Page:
Ellen Kaplan, Seventy’s vice president, strongly denies that the watchdog is speaking for its donors. She argues that the law’s recently-published ground rules have left many questions unanswered — like what lobbying is, exactly, and what it isn’t — and the city should clarify them before enforcing the law.
“Obviously, there are some members who contribute to this organization who want these answers,” she says. "But we don’t represent anybody’s views other than our own.”
The Ethics Board hasn't made any public announcements about whether it will delay enforcement of the law in response to these groups. But Ethics Board staff say that it could be considered at its next meeting, on July 20.
Meanwhile, an unrelated technical issue may put the lobbying law on hold: The Ethics Board has announced that the electronic system that lobbyists will be required to register on won't be ready by the original July 1 deadline, partly due to funding issues. They expect the system will be ready around July 18, though — but if it's not, the Ethics Board will not be able enforce the lobbying law.
On Thursday, as you hopefully know by know, City Council approved a small hike in property taxes and parking fees to help raise extra money for the Philadelphia School District, which faces a massive budget shortfall. The vote occurred after a marathon 12-day series of Council sessions, interrupted by hours-long recesses during which Council members negotiated behind closed doors.
The facts of what transpired behind those doors aren’t in much dispute, but their meaning is — kind of like the film classic Rashomon, in which various narrators tell the same story as they perceive it, making the “truth” difficult to pin down.
Here is the Rashomon-like story of what you missed.
The Big “?”
It’s hard to believe, but the truth was this: as hundreds of people — lobbyists, school kids and educators, union members, politicos, labor activists (and at least a dozen reporters) — poured into City Hall on Thursday, clogging the metal detectors outside City Council’s chambers, a plan was not yet in place.
Despite the fact that School District’s enormous looming budget gap had been known to anyone paying attention for months, and despite the fact that a clear majority of City Council members favored helping provide more funds to the ailing district, and after weeks of hearings (mysteriously — or suspiciously — postponed until after the city’s primary election season) on the School District’s troubled budget — the city’s legislative body had yet to arrive on a decision about what it was going to do about it.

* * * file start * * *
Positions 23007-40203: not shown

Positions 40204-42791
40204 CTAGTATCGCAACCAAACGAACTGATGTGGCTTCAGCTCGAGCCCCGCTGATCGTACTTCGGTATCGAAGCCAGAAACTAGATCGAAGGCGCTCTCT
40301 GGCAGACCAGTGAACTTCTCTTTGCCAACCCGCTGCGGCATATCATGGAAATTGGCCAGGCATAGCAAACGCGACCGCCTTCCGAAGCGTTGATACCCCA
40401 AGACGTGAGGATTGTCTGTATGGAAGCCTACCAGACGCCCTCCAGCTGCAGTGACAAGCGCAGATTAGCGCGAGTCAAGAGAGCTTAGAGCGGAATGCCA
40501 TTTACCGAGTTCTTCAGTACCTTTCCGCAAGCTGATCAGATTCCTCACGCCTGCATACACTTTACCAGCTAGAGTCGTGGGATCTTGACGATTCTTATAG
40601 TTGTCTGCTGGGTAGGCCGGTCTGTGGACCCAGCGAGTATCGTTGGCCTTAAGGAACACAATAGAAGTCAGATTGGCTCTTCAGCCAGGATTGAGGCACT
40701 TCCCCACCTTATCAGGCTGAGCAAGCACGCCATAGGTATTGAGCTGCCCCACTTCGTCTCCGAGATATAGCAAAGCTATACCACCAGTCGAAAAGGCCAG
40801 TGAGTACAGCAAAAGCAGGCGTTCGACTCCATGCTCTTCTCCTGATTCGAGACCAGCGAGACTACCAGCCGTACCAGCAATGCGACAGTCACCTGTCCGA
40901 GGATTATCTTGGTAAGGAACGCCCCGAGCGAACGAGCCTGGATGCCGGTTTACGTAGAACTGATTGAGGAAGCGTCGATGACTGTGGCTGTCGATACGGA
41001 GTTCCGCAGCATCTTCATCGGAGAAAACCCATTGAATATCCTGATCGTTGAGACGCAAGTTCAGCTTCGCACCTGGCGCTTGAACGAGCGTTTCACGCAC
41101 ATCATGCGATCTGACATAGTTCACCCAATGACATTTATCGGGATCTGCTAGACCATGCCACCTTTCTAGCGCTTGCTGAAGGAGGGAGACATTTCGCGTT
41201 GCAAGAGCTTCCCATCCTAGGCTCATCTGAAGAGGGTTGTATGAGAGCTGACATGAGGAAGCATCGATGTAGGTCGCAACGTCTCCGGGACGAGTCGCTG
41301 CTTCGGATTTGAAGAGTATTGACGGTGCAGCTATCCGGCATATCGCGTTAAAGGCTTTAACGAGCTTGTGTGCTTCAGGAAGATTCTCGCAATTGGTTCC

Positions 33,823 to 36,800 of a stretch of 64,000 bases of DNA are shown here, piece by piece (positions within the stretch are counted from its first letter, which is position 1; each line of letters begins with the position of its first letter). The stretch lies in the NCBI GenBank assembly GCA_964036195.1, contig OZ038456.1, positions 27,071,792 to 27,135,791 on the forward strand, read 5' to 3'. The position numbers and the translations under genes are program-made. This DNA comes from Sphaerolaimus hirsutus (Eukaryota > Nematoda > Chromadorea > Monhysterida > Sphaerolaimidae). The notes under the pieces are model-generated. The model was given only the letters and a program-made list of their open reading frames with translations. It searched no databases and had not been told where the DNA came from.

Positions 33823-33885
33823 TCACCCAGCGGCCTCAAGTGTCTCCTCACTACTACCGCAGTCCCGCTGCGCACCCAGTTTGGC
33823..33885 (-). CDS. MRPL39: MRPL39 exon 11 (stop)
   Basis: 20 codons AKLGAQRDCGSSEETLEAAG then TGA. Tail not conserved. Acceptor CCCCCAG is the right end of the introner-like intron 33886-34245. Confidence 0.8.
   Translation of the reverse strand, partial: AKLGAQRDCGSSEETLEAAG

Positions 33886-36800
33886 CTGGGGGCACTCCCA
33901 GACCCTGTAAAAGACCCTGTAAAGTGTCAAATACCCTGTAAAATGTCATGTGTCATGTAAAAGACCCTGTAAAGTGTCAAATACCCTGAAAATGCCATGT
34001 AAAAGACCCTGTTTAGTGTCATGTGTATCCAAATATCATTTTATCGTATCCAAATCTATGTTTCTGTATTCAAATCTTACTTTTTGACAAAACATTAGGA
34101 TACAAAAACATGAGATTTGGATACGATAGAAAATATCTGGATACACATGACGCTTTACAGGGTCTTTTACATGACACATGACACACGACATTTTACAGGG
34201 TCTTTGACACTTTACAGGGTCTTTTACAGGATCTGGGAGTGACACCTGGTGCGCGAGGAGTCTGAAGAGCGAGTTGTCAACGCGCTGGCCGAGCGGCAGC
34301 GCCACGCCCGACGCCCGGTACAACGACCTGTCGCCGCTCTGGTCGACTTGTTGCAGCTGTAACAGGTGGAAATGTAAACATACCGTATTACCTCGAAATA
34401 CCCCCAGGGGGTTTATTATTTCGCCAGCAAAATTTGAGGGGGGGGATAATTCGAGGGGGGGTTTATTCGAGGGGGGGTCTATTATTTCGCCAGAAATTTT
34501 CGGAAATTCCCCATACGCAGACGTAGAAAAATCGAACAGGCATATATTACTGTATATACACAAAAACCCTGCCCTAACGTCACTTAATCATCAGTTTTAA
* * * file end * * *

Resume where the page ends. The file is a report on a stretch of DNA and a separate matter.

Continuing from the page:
Mayor Nutter had offered two alternatives: a 10% hike in the city’s property tax, or a tax
on sweetened beverages — his favored piece of legislation, and which he had pushed hard for, and failed to get passed, last year. Either, the mayor said, would raise something just shy of $100 million for schools.
City Council had come up with a few of its own alternatives: a 3.5 mills (3.85 percent, according to city finance director Rob Dubow) property tax hike combined with higher parking fees and some money from the city’s reserve fund, proposed by Councilman Darrell Clarke, and a proposal by Councilman Bill Green to take the bulk of the money from the city’s reserve fund. These proposals would raise less money — somewhere in the ballpark of $50-60 million, about half of what the District had officially requested.
Mayor Nutter opposed both of Council’s plans — but especially that offered by Green, calling it fiscally irresponsible. The well-known personal anisaysmosity between the two, no doubt, didn’t improve the Mayor’s opinion.
Nine votes are needed to pass a bill out of City Council, but twelve votes are needed to override the mayor’s veto. On Thursday morning, the fate of any of those four options was uncertain: at least seven or eight votes (ten, according a source within the administration, but which CP was unable to confirm elsewhere) had been lined up for the mayor’s “soda tax,” but there was also a substantial number of votes for a property tax alternative to soda. Whatever heat Council members had taken over a property tax hike last year, they were taking plenty now from the powerful beverage lobby that had been raining money on Philadelphia since the mayor reintroduced the tax.